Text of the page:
National Security Bureau (NSB) officials yesterday told legislators that cross-strait relations have recently been "tense," but that there were no "daggers drawn" (
Defense officials also said yesterday that there were still no signs that Beijing plans to use force against Taiwan around the time of tomorrow's presidential inauguration.
Nonetheless, during a briefing for legislators yesterday, the defense ministry said the army would be placed on heightened alert (重點戒備) during the inauguration period from 5pm May 19, to 8pm May 22.
PHOTO: CHU YU-PING, LIBERTY TIMES
After the closed-door meeting, incoming Minister of National Defense Wu Shih-wen (
Regarding possible threats from China, Wu said the military has been making decisions daily based on various kinds of incoming information to draw up possible contingency plans.
According to DPP lawmaker Lee Wen-chung (
In addition, Lee said, the documents showed Beijing will go all-out to prevent outgoing president Lee Teng-hui (李登輝), incoming President Chen and Vice Presicent Annette Lu (呂秀蓮) from going abroad, and to discourage DPP members from engaging in independence activities outside Taiwan.
He said Beijing would otherwise take retaliatory actions against Taiwan. Beijing also demanded Taiwanese businessmen in China "choose sides."
When asked how Chen will respond to China's threats, NSB officials suggested Chen "feed China with something like chewing gum," meaning something that is sweet, but cannot be swallowed.
Officials also said Chen has been expressing sincerity since he was elected president, and that t China has been placed in a position of "sending the army out without a righteous cause" (
At an earlier session yesterday with legislators, Wu also refuted reports claiming China was preparing to blockade Kaohsiung Port, saying that the military's anti-blockade capability should not be ignored.
Asked about Taiwan's international status, however, Wu expressed opposition to Lee Teng-hui's "special state-to-state relations" (
Wu said he does not believe China and Taiwan are "two countries," and that the status between Taiwan and China does not involve problems of international law.
Two Japanese virtual YouTubers (VTubers) were suspended by their employers on Sunday after mentioning Taiwan and showing the national flag during a livestream, stoking controversy that was inflamed further when it was discovered that their management company issued distinct apologies in Japanese and Mandarin. While reading YouTube analytics over livestream on Thursday and Friday last week, Hololive VTubers Kiryu Coco and Akai Haato named Taiwan as contributing a high percentage of viewers. Users on the Chinese video streaming platform Bilibili were quick to criticize the two and report their accounts, prompting Hololive’s parent company, Cover Corp, to suspend the streamers for three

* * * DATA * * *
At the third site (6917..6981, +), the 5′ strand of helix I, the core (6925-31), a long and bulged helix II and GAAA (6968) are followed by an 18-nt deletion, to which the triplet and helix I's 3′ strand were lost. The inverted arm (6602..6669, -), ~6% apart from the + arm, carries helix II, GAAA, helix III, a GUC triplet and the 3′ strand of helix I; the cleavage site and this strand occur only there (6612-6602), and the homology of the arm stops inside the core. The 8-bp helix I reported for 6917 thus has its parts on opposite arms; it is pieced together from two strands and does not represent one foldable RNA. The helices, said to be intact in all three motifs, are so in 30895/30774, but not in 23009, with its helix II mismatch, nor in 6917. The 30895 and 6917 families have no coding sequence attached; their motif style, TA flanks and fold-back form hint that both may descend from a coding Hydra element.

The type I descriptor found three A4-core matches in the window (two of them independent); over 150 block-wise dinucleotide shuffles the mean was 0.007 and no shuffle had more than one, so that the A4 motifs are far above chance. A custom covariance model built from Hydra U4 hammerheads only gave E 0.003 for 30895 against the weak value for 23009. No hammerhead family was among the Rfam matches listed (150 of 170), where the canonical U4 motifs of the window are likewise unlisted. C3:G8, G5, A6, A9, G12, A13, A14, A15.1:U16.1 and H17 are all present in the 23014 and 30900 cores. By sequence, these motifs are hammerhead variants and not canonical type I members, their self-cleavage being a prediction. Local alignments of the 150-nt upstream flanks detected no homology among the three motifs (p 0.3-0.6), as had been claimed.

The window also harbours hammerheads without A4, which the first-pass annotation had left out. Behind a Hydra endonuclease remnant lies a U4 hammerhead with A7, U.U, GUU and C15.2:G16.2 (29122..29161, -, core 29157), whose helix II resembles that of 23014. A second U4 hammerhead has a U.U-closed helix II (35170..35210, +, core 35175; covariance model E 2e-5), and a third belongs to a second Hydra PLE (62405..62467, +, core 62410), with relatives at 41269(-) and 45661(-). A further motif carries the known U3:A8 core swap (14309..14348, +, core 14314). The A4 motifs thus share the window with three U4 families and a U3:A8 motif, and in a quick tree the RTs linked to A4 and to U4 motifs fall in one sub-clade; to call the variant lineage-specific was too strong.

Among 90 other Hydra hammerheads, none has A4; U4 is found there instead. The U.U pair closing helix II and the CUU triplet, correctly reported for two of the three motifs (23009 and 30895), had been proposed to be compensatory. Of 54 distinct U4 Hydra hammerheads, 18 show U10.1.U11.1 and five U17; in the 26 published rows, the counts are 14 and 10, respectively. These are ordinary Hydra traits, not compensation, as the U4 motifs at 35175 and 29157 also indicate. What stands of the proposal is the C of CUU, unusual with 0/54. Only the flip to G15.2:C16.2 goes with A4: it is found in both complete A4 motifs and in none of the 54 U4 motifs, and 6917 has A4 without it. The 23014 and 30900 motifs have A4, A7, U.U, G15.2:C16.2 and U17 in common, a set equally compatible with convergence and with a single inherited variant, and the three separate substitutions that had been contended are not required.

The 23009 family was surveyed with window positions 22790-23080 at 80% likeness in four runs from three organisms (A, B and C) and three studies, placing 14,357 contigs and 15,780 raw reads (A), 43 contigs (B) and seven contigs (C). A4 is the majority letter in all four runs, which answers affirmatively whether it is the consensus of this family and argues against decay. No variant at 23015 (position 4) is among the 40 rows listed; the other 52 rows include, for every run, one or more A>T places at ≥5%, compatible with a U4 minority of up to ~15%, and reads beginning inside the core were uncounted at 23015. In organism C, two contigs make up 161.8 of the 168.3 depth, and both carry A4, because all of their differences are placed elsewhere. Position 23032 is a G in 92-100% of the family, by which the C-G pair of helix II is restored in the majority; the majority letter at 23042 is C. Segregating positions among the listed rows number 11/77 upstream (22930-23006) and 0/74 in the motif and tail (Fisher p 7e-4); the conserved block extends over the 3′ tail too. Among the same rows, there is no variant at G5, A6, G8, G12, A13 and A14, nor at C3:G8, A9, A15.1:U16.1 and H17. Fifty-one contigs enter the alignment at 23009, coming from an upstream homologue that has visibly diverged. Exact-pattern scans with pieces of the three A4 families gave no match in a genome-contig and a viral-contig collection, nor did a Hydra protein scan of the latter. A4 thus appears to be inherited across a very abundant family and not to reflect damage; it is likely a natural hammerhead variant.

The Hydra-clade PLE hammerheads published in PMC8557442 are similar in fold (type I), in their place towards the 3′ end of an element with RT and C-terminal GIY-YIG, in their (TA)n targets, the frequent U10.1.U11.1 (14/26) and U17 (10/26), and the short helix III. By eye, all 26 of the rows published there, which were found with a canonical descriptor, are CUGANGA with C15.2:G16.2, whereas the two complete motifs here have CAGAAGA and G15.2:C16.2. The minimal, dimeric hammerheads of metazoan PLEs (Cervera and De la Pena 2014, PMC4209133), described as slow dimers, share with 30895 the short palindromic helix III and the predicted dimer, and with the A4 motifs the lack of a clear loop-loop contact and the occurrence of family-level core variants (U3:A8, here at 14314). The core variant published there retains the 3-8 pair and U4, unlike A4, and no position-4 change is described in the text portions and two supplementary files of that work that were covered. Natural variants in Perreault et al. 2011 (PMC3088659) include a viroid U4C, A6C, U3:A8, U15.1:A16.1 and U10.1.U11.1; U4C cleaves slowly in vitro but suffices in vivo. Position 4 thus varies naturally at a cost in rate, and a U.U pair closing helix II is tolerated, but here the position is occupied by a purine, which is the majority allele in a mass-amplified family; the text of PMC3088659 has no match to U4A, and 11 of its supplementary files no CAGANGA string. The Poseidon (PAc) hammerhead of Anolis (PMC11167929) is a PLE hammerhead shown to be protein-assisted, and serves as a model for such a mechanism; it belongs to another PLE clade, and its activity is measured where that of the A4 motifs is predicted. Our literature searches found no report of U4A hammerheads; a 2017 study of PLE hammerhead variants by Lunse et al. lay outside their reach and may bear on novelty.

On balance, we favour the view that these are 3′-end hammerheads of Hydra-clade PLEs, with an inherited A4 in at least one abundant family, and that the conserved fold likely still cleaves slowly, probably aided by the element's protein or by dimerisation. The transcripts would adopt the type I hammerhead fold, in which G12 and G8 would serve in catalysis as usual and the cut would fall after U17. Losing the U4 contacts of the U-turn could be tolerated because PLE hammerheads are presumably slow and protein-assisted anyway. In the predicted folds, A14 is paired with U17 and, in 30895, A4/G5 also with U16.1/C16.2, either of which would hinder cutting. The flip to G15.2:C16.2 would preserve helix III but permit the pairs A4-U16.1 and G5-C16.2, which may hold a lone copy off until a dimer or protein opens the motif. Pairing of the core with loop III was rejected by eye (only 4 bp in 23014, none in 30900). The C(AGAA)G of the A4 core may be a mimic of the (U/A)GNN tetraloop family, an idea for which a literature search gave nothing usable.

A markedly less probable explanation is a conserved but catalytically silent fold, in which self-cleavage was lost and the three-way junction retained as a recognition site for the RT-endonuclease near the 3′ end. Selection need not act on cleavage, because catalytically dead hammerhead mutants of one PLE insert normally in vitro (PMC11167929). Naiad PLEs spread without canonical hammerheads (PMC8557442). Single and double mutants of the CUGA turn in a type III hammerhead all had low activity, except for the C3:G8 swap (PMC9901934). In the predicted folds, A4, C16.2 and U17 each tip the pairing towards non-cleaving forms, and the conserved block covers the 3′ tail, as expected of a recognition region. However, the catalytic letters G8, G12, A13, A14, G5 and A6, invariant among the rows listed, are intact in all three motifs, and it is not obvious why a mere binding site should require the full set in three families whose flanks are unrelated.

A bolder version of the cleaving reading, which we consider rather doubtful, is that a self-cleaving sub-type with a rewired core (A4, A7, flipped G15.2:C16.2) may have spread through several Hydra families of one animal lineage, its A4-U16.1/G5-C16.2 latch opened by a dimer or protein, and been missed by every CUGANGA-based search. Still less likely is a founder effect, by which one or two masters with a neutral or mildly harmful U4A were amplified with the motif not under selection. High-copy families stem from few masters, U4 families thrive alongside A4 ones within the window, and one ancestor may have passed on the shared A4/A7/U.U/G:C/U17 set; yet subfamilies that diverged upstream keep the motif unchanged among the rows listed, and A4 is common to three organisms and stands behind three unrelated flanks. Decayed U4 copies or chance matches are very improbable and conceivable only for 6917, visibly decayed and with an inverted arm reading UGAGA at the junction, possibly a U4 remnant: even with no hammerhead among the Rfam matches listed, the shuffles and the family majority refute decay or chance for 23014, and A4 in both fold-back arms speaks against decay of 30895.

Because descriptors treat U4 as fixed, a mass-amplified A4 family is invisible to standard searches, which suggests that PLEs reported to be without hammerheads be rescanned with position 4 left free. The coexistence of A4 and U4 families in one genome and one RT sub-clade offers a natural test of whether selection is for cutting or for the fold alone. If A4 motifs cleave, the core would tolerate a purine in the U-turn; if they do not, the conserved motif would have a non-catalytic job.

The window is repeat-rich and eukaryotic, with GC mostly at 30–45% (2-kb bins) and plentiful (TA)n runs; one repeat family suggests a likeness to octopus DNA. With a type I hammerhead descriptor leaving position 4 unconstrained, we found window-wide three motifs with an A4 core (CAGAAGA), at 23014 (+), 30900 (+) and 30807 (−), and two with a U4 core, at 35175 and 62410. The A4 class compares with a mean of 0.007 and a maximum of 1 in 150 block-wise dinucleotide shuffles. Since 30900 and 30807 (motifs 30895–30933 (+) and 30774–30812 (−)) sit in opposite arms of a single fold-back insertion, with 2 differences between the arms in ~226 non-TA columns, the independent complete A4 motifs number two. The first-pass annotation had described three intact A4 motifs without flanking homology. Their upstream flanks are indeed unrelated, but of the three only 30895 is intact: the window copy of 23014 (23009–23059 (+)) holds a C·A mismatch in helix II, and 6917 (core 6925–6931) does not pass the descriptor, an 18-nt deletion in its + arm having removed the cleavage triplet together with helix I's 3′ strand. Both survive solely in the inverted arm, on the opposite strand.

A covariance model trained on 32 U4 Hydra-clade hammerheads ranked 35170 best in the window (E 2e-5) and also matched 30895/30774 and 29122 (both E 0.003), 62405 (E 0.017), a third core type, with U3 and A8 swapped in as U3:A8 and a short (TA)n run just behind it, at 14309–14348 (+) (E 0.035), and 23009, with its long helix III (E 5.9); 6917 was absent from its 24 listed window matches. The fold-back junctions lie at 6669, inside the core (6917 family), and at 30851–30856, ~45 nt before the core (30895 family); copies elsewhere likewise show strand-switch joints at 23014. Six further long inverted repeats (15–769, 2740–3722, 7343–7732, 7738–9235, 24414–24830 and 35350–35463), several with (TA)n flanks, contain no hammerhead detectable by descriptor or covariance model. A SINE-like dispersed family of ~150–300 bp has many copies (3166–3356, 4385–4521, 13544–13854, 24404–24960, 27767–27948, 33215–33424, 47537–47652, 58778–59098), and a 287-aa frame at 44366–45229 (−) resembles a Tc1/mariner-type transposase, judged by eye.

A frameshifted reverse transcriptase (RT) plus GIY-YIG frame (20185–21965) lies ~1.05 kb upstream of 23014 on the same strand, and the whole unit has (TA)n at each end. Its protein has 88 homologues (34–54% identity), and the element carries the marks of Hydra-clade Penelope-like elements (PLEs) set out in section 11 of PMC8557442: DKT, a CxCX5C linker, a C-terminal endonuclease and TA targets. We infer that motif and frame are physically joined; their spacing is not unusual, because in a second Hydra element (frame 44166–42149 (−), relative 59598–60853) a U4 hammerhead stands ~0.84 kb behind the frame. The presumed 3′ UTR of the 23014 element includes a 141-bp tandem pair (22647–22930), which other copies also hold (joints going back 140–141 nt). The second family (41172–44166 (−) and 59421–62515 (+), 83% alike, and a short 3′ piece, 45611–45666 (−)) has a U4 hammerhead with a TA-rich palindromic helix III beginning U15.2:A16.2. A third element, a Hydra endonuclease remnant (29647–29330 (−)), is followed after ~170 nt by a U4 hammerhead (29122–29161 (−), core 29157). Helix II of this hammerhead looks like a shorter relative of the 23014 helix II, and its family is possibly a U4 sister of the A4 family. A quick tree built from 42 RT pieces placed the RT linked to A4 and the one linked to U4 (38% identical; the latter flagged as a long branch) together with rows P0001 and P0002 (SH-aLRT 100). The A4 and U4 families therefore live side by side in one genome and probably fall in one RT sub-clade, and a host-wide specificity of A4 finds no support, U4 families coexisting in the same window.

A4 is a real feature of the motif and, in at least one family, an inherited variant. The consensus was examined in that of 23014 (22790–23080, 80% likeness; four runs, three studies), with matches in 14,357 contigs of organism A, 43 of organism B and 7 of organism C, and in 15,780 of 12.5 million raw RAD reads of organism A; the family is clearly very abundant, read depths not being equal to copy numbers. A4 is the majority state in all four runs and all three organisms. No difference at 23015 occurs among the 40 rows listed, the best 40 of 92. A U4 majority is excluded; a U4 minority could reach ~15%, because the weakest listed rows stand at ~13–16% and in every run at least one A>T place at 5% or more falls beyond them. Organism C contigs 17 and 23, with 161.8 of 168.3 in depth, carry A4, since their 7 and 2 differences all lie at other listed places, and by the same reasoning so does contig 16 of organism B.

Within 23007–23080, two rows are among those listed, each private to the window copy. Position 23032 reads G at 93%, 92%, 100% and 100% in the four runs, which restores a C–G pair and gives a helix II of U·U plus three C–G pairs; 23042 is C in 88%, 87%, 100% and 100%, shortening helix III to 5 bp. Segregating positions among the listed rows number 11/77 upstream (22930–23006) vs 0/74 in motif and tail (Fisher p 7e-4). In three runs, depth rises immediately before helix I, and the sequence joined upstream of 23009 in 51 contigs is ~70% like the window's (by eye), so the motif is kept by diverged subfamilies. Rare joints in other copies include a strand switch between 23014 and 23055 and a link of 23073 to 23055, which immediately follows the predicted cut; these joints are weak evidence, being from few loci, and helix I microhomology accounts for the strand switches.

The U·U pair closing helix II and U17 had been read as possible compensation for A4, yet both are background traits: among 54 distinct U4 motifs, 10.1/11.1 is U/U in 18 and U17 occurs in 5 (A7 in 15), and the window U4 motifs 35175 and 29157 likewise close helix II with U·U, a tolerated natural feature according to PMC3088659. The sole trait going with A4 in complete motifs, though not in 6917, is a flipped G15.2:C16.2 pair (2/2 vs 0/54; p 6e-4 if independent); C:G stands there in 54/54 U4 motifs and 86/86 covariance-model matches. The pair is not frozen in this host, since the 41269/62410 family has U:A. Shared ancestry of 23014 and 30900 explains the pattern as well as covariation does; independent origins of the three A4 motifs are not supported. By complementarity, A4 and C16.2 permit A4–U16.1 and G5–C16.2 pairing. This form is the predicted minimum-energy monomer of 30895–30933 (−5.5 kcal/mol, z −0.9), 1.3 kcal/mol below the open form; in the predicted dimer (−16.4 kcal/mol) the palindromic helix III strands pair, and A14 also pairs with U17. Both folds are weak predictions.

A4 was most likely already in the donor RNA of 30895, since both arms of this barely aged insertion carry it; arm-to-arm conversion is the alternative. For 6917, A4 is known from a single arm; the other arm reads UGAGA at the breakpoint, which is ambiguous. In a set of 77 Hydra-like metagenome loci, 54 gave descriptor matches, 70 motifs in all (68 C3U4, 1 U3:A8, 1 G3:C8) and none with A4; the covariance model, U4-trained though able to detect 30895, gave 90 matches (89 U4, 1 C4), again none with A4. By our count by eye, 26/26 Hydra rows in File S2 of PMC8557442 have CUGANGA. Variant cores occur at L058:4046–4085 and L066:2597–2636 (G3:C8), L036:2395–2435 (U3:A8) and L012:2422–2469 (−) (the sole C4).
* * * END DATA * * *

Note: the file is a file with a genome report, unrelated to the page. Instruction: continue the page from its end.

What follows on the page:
NO SIGN OF WAR: Only if Taiwanese showed determination to defend the nation would others be willing to help in the event of a Chinese attack, the premier said Should China launch a war against Taiwan, the military would fight to the last standing person, Minister of National Defense Yen De-fa (嚴德發) said yesterday, adding that the nation has fully fleshed-out defense strategies. “Beijing has continued its acts of provocation against Taiwan, but there are currently no signs that it is ready to launch a full-scale war,” Yen said at the Legislative Yuan in Taipei. Asked how long Taiwan could withstand an attack from China, Premier Su Tseng-chang (蘇貞昌) said: “Taiwan will not fall.” Any belligerent force that initiates acts of war would pay a heavy price, and so too would Beijing,
MISTAKE: The Global Covenant of Mayors for Climate and Energy is not a UN body, and the government is committed to protecting the nation’s name, Joseph Wu said The Ministry of Foreign Affairs yesterday condemned the Global Covenant of Mayors for Climate and Energy for listing Taiwanese cities as belonging to China on its Web site, and asked that it correct the error. The organization was inaugurated in Brussels in 2016 as a global coalition of mayors committed to reducing greenhouse gas emissions. Six Taiwanese cities at the time joined the coalition as cities in “Taiwan,” the ministry said. However, officials from the Kaohsiung City Government — one of the organization’s members — last week noticed that the city was now listed on the organization’s Web site as a
MOTHERLAND? Taiwanese who take part in China’s National Day celebrations could be fined NT$100,000 to NT$500,000 if found to have contravened Taiwanese laws The Ministry of Culture yesterday cautioned China-based Taiwanese artists against breaching Taiwanese law by taking part in China’s National Day celebrations. The ministry issued the statement following media reports that Ouyang Nana (歐陽娜娜) is to sing a popular Chinese patriotic song titled My Motherland (我的祖國), and Angela Chang (張韶涵) is to sing Protect (守護) with Chinese entertainers at an event to mark China’s National Day on Thursday. The Mainland Affairs Council is investigating whether such behavior contravenes regulations in the Act Governing Relations Between the People of the Taiwan Area and the Mainland Area (臺灣地區與大陸地區人民關係條例), the ministry said. If the behavior involves matters